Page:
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New ‘Teen Vogue’ editor resigns over past racist, homophobic tweets

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Less than a week before Alexi McCammond was poised to take on the role of editor at Teen Vogue, the 27-year-old journalist has resigned from the job. The reason: racist and homophobic tweets McCammond made while a college student.

“After speaking with Alexi this morning, we agreed that it was best to part ways, so as to not overshadow the important work happening at Teen Vogue,” Stan Duncan, chief people officer at Condé Nast, said in an email statement, reports The New York Times. In the same statement, McCammond added that her “past tweets have overshadowed the work I’ve done to highlight the people and issues that I care about.”

“I wish the talented team at Teen Vogue the absolute best moving forward,” she added.

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McCammond studied at the University of Chicago and emerged as a prominent reporter beginning in 2020 when she covered the Democratic Presidential Primary. She also attracted notoriety for a romantic relationship with TJ Ducklo, former Special Assistant to the President and White House Junior Deputy Press Secretary under the Biden administration. Ducklo’s tenure with the Biden White House lasted just a few weeks; he resigned following reports that he had threatened a reporter, Tara Palmeri, for bringing to light his involvement with McCammond.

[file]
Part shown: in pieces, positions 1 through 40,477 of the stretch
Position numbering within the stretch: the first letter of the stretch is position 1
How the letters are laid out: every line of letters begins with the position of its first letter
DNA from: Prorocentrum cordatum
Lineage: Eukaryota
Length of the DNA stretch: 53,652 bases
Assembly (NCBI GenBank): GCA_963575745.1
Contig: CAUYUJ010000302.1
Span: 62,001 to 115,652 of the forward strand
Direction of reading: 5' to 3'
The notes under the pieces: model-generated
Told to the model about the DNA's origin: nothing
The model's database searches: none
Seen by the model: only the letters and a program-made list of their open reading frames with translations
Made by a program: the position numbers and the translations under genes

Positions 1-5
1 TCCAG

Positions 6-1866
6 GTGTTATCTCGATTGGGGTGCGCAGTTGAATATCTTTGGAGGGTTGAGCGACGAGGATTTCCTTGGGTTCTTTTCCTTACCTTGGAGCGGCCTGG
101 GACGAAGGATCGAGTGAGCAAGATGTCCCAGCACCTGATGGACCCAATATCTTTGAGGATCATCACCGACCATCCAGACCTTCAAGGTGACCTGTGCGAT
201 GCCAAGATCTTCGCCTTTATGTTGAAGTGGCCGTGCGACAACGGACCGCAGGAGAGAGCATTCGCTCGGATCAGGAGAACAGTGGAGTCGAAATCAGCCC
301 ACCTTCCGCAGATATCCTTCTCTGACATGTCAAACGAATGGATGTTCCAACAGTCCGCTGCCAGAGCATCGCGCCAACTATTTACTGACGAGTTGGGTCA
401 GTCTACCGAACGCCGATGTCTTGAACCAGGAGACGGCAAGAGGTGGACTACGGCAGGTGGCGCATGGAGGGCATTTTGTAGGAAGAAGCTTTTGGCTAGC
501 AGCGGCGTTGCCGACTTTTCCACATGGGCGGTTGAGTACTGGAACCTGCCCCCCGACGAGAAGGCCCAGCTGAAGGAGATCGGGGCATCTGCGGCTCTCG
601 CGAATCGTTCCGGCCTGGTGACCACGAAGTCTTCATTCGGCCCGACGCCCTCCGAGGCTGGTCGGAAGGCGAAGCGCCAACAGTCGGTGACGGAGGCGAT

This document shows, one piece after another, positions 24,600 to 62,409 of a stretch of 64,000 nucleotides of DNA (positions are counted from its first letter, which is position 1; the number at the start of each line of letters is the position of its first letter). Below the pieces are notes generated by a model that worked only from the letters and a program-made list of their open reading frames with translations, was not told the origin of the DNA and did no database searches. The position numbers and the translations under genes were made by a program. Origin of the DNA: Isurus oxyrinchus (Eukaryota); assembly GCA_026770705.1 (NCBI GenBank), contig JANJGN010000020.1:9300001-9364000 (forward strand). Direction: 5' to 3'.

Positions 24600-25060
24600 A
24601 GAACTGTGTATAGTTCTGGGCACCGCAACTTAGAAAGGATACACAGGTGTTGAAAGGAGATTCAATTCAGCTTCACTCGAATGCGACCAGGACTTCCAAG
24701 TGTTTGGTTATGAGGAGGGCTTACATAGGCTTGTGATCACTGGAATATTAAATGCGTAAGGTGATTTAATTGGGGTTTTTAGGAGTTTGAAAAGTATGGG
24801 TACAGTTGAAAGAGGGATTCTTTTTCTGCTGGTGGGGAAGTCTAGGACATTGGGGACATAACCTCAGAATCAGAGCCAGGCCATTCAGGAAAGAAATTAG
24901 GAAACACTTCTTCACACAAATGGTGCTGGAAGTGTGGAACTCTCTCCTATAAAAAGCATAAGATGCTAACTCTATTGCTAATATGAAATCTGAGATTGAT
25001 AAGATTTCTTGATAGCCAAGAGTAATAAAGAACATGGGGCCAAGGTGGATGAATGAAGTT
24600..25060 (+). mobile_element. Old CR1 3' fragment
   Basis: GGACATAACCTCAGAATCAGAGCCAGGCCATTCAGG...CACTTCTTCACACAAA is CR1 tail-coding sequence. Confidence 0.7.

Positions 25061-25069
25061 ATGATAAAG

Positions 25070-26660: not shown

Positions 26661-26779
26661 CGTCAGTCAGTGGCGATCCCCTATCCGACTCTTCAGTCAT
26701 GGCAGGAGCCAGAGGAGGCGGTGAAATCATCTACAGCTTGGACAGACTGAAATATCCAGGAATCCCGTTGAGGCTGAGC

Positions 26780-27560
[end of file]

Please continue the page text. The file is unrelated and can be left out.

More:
McCammond’s career hit another setback when remarks she tweeted in 2011 resurfaced. In the tweets, she mocks the appearance of Asian people and uses slurs against gay people. McCammond did apologize for the tweets and deleted them from her account, though that didn’t stop more than 20 staff members at Teen Vogue from threatening to resign if McCammond took over the job as editor. Ulta Beauty and Burt’s Bees, two key advertisers with the magazine, also suspended marketing campaigns over the hiring of McCammond.

McCammond’s resignation comes amid heightened scrutiny over anti-Asian-American bias in the media and the American public. A series of mass shootings at Asian-American run massage parlors in Atlanta, Georgia on March 16 claimed the lives of eight women, six of whom were of Asian descent. Time also reports a worldwide spike in violence against Asian people brought on by stigma stemming from the COVID-19 pandemic.